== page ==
On a recent afternoon, a group of 15-20 men, all hailing from Liberia, talked animatedly about the upcoming election on a sidewalk in Staten Island’s Park Hill section.
“We want a good leader that has been chosen by the people,” said Shiaka Kamara, 29, who has lived here since 1997.
Kamara was part of the group of men who came and went from the sidewalk meeting place where Robinson and another older Liberian sold candy and fish. About 50 yards down the block, a group of eight colorfully dressed women had set up shop under umbrellas and were selling bags of hot peppers and small green eggplants — items traditionally used in West African cuisine and sold in open markets there.
Kamara said that he was skeptical of Weah, fearing his presidency could become a “replica” of what happened with Samuel Doe, a once-popular leader who proved to be disastrous for the country.
A friend of Kamara’s, Lafayette Bracewell, 43, explained that although he knows Weah and grew up playing soccer with him in the streets of Monrovia, he doesn’t believe the sports star will be good for his country.
“He doesn’t have the technical know-how as a politician to become president of the nation,” said Bracewell, who has lived in the U.S. for nearly four years.
Just as Bracewell was explaining his position, another young man came walking up the sidewalk. “Five days until the world-renowned Ambassador George Weah becomes president of Liberia,” he shouted.
Dennis Weah, 29, was adamant that the presidential candidate that shares his last name is the man for the job. Bracewell and Kamara let him have his say, but they were dismissive of his opinions, in part, they say, because although Dennis Weah shared their Liberian ancestry, he was born in the U.S. and has spent relatively little time in Liberia. His good fortune in having avoided living through the years of war discounted any opinions he might have as far as Kamara or Bracewell were concerned.
Bracewell argued that with all of the problems Liberia is currently suffering from — massive unemployment, a justice system in tatters, no water, no electricity, no proper school system, a nation basically in freefall — what the country needs is a leader who has real political expertise.
“We need our country to be a nation and not a tribal country,” said Bracewell. “We need someone who can unify us, not someone who people will manipulate.”
Disappointed with ‘stepchild’ status
Richard Diggs, 32, pulled up curbside in a minivan and waited patiently to have his say about the situation in Liberia. A behavioral specialist who has lived in the U.S. for two years, he works in social services. (In fact, two of the people he works with were sitting in the backseat of his comfortable mini-van, replete with air-fresheners, as he chatted.)
“For me, I’m disappointed by the fact that the very people that have caused that our country, Liberia, to become what it is today, are the very same people that we see again coming to this election,” said Diggs, referring to several candidates with ties to previous regimes.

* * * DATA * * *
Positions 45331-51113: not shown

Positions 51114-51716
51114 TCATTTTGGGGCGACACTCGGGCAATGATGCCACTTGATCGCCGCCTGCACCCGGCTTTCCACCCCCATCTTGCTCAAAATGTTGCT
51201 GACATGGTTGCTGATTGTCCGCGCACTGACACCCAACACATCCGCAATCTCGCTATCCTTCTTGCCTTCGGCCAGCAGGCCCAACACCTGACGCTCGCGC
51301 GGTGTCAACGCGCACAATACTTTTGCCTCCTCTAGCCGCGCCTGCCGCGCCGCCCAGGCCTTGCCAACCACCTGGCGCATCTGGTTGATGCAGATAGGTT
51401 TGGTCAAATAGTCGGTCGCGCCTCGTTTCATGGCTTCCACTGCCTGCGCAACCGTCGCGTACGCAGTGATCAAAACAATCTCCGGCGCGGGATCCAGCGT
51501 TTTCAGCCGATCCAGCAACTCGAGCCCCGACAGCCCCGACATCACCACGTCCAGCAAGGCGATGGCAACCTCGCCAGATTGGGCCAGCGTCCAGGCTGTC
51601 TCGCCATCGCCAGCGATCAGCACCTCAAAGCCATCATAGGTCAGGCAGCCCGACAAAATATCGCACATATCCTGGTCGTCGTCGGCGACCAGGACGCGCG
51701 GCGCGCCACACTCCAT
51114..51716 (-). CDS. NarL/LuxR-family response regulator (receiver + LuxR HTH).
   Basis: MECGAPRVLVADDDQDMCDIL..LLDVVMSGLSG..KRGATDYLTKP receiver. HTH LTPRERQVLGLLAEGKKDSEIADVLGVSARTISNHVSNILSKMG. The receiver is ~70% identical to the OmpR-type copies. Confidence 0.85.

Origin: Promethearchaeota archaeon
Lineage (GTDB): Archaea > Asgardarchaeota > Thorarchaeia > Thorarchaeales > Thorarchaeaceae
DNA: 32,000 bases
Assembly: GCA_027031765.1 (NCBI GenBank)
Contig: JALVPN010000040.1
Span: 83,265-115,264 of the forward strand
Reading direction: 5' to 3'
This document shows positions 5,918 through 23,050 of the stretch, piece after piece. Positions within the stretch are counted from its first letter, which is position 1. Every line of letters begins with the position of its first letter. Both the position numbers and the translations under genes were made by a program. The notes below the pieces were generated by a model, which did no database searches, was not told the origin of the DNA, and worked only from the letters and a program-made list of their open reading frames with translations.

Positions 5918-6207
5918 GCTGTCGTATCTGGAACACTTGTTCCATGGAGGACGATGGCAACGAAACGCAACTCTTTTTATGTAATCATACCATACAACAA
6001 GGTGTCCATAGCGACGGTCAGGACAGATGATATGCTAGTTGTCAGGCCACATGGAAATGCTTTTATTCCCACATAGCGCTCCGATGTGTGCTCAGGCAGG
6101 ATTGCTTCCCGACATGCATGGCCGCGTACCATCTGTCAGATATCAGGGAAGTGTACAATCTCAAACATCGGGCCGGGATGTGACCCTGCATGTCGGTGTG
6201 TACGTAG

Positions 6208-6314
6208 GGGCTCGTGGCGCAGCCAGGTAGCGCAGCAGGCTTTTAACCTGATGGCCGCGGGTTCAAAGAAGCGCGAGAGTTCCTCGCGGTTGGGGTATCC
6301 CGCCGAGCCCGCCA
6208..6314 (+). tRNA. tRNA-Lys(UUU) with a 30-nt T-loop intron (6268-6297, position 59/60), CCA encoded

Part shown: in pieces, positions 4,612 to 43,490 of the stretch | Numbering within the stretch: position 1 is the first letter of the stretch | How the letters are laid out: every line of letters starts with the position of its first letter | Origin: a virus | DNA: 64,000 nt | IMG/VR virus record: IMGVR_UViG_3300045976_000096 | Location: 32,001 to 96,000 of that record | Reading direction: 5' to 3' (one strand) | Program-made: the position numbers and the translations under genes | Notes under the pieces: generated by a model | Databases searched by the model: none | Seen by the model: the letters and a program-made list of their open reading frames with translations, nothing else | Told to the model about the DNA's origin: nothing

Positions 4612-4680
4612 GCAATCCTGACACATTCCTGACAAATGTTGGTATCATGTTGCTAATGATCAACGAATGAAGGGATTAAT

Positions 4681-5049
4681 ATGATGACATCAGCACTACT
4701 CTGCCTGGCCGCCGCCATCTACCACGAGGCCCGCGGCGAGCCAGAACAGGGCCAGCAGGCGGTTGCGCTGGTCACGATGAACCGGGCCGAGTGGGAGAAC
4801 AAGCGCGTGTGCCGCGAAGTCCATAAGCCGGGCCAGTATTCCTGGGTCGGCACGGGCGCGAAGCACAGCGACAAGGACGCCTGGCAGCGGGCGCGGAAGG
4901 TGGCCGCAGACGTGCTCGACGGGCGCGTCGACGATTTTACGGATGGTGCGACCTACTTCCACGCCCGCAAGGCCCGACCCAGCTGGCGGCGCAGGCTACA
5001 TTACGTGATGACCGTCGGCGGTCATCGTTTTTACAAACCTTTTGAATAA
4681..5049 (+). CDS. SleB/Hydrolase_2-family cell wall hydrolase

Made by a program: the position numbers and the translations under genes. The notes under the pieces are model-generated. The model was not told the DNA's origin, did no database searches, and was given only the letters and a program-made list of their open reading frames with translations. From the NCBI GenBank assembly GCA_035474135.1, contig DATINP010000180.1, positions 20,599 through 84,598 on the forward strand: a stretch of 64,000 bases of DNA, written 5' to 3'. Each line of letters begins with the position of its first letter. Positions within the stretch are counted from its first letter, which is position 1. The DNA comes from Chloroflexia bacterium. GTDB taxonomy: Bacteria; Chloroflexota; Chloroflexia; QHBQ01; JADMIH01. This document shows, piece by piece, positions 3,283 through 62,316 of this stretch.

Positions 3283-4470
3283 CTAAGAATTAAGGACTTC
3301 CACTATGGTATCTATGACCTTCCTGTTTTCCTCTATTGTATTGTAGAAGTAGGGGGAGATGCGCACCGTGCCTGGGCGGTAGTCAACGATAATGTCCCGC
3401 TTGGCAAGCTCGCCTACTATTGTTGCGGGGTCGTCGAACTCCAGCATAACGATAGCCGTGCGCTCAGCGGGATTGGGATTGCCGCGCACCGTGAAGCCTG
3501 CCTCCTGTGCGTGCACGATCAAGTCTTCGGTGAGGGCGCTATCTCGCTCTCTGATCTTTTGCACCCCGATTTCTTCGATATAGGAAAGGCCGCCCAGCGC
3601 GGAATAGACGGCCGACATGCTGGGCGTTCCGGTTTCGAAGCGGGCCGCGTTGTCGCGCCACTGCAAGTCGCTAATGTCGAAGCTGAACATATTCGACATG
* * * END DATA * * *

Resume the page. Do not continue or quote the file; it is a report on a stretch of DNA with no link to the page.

“If I could vote for George Weah, I would.” Diggs added. “Is he the person I would really love to become president of Liberia, no…. But between two evils, you pick the lesser evil…. He is the only angel who is coming forward to help us.”
Diggs said he felt let down by America, particularly in light of its history with Liberia. “We look up to America for leadership, for guidance, but they were never there,” said Diggs.
He added that he was angered by what he calls “stepchild” status Liberia has been given by the U.S.
“We fought our war over there, but they didn’t do anything. I am disappointed in the cold shoulder that America has given Liberia.”
Praying for the best
The group of women selling vegetables disagreed with Diggs’ opinion of their adopted country.
Mary Williams, 54, who has lived in this country for ten years, said she thanks God everyday for the help Americans have given her country.
“We pray for America. From the bottom of my heart, I thank God for George Bush…. Once the American troops got on the shore, everything went fine. There were no more tears, no more shooting,” she said, referring to U.S. military involvement in securing a ceasefire in Monrovia in 2003.
Marta Garnett, who sat with Williams, explained her gratitude for American involvement in securing the peace in her country: “When the war started, America was the only country that came to our rescue, before any other country. I thank God for America.”
As for the election, the women were putting their trust in God for some form of deliverance. “We are praying for God to put who he wants to be the president of Liberia,” said Garnett.